I was thinking about this thread a couple days ago and read more about how the medication is titrated. It turns out there's disagreement among endocrinologists over how quickly to do it (except for really severe cases where improvement needs to be rapid, at least at first). Starting at a low dose and increasing a tiny bit at a time is the traditional method. Other endos prefer to use bigger increases, including a higher starting dose, until the "fine tuning" stage is reached. The biggest tradeoff is that the latter method gets you close to the right dose faster, but the former is less likely to wreak havoc while your thyroid down-regulates. So, there are reasons for doctors to prefer either method.

    I also want to clarify what I meant about medication making things go back to how they were before. You'll have your body's version of a "normal" metabolism, given your age, weight, body composition, etc. Unfortunately, it won't undo the weight gain: that will still take work. I'm not sure if that was clear from what I wrote. (Losing a certain amount of weight probably won't be too hard, because the way you're currently eating would put you at a caloric deficit with a normal metabolism.)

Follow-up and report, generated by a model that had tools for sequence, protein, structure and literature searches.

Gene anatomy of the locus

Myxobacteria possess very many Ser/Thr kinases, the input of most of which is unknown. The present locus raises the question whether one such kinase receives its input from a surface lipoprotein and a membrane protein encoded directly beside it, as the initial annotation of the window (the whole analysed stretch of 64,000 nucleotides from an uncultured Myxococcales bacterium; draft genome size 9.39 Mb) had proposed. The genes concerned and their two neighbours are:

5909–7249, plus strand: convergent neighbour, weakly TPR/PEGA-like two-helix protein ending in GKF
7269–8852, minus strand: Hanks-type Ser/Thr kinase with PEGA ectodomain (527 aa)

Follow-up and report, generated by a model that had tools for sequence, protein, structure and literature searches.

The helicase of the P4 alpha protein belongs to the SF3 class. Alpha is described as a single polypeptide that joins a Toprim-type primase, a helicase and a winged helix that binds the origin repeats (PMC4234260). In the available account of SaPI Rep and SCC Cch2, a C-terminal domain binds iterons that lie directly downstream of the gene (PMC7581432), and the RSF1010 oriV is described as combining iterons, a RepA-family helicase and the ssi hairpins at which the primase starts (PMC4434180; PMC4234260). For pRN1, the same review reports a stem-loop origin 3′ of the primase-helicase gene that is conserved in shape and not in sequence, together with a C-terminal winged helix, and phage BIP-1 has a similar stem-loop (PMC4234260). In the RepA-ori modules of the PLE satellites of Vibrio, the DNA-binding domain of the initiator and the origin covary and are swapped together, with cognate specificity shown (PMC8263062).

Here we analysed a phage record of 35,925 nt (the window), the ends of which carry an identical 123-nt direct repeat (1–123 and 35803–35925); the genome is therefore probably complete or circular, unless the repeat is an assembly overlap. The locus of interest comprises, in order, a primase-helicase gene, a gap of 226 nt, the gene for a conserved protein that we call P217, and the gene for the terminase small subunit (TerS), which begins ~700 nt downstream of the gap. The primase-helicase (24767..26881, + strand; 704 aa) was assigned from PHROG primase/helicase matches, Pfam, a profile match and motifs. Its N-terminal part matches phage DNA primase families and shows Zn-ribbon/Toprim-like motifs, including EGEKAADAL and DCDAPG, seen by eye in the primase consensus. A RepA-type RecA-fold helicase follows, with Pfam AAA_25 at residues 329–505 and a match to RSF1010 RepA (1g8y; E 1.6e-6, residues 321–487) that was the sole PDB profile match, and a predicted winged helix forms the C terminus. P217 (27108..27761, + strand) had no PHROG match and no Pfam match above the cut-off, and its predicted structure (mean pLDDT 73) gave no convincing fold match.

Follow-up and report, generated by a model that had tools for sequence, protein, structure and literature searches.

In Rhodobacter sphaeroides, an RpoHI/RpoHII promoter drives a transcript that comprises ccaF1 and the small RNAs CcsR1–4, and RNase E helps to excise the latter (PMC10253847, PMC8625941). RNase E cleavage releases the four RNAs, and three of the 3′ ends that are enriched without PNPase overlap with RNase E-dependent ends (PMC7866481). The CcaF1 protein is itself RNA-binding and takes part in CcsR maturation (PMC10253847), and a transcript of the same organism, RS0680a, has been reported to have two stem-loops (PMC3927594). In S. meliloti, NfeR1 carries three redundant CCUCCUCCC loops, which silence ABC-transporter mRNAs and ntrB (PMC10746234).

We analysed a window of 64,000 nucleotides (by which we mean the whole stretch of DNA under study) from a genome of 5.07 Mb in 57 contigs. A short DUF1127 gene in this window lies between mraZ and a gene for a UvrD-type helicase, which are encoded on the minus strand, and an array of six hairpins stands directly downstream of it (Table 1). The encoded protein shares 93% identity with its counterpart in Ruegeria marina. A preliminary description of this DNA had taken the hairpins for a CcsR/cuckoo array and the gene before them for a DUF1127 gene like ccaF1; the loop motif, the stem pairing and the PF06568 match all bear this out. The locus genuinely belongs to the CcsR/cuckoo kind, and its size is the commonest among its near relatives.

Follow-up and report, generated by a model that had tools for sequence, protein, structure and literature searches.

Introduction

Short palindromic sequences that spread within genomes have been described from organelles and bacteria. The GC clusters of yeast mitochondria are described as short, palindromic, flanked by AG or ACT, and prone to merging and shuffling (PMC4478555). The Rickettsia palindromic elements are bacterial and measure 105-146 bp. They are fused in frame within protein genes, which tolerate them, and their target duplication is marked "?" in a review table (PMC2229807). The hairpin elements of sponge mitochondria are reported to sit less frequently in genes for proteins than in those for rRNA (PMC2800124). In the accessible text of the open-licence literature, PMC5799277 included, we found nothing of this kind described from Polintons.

Anyway, I'm obviously not a medical professional :toothy4: This is my layperson's understanding of how things work: I can't make any guarantees. I'm interested in knowing about any mistakes I've made, though. Have you had a chance to talk to your doctor about this stuff?
  • pinksugarpinksugar Registered Users Posts: 2,346 Curl Connoisseur
    I go back to see my doctor next month. I will ask more questions then. Thank you so much for all of the information. I've been working out and following Weight Watchers and my weight is not budging. I guess I just need to try harder or give it more time. I'm not giving up on it though.